Investors are rewarding the recently strong performances turned in by equity-based energy sector exchange traded funds with heaping amounts of cash.
The Energy Select Sector SPDR (XLE) is this year’s second-best of the nine sector SPDR ETFs, trailing only the Utilities Select Sector SPDR (XLU) . However, XLE, which is up 11.2% over the past 90 days and has been consistently hitting new all-time highs on an almost daily basis, is tops in at least one category: Inflows. [Energy ETFs Sparked by Low Valuations]
XLE has pulled in almost $2.6 billion this year as investors have flocked to energy stocks and ETFs away from momentum fare. No ETF has pulled in more new assets than XLE this year. The ETF’s 2014 inflows are more than triple those to XLU and more the new capital allocated to the Financial Select Sector SPDR (XLF) .
As the energy sector lagged last year, XLE was shuffled from the third spot among the nine SPDRs in terms of assets to fifth. This year, XLE has reclaimed the third spot as investors have favored the energy sector’s compelling valuations.
“The U.S. energy sector trades at 1.9x book value, a significant discount to the broader market and the sector’s own history. On a global basis, the sector is even cheaper, with an average price-to-book ratio of around 1.5,” BlackRock Global Chief Investment Russ Koesterich said in a note out earlier this week.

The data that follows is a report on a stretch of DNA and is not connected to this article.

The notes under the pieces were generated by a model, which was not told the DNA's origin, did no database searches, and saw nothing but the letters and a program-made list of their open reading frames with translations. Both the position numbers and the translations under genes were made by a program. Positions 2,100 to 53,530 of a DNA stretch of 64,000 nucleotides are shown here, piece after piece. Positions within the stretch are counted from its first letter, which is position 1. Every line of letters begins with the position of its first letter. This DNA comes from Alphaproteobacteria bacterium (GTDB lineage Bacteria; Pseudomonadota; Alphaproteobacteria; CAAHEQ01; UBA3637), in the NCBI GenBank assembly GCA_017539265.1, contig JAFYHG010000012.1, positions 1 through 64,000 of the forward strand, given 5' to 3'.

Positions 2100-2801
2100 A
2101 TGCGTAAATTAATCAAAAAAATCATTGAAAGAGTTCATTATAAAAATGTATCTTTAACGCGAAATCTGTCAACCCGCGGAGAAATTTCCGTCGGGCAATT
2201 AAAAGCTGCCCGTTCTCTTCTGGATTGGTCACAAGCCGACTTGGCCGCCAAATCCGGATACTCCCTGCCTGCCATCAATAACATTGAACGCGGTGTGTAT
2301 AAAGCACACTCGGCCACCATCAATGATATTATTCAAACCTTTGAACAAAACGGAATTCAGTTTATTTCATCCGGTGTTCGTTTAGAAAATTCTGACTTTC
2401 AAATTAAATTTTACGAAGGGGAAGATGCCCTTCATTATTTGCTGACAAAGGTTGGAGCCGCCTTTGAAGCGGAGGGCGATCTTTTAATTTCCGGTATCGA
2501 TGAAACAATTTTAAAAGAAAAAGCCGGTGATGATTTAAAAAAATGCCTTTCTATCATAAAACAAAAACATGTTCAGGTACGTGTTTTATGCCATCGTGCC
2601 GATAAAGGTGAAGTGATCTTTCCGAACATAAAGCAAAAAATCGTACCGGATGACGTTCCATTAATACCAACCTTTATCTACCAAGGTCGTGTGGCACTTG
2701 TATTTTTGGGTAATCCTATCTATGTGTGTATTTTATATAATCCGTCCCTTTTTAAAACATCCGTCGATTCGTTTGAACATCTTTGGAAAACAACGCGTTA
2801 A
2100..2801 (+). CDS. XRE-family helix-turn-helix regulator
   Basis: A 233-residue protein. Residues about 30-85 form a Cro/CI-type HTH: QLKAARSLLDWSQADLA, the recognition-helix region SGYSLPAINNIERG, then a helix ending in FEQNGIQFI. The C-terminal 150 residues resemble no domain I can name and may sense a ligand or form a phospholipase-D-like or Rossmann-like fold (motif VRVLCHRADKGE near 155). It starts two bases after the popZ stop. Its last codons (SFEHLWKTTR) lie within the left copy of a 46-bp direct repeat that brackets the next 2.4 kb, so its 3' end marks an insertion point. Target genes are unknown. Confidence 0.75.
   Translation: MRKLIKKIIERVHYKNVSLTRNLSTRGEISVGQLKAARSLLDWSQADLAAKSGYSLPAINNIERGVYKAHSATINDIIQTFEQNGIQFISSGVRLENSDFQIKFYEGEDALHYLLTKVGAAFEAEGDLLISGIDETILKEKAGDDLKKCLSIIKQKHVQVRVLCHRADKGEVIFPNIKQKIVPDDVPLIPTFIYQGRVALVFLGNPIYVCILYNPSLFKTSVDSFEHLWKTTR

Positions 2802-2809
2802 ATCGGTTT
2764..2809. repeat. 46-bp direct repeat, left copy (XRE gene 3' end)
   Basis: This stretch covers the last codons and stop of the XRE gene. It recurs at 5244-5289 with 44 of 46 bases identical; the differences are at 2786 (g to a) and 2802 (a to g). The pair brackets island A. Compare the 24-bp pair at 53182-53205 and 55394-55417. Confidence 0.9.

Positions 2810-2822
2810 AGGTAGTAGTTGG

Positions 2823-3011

Inflows to energy ETFs have persisted despite significant geopolitical risk created Russia’s invasion of Ukraine and subsequent sanctions against Russia by Western nations. On Thursday Russian officials warned that companies leaving the country due to the Western sanctions will not be invited back soon and warned that energy companies that departed will be quickly replaced by rival firms.
Dow component Exxon Mobil (XOM), the largest U.S. oil company and XLE’s largest holding at 15.7% of the ETF, is due to commence a major Arctic drilling project with OAO Rosneft in the coming years. Royal Dutch Shell (RDS-A) and BP (BP) Thursday reaffirmed their commitment to Russian projects.
Exxon, Shell and BP combine for 26.7% of IXC’s weight. Italy’s Eni (NYSE: E) and Norway’s Statoil (STO) are among the other western oil majors with Russia exposure. Those stocks combine for over 3% of IXC, according to iShares data.
Energy Select Sector SPDR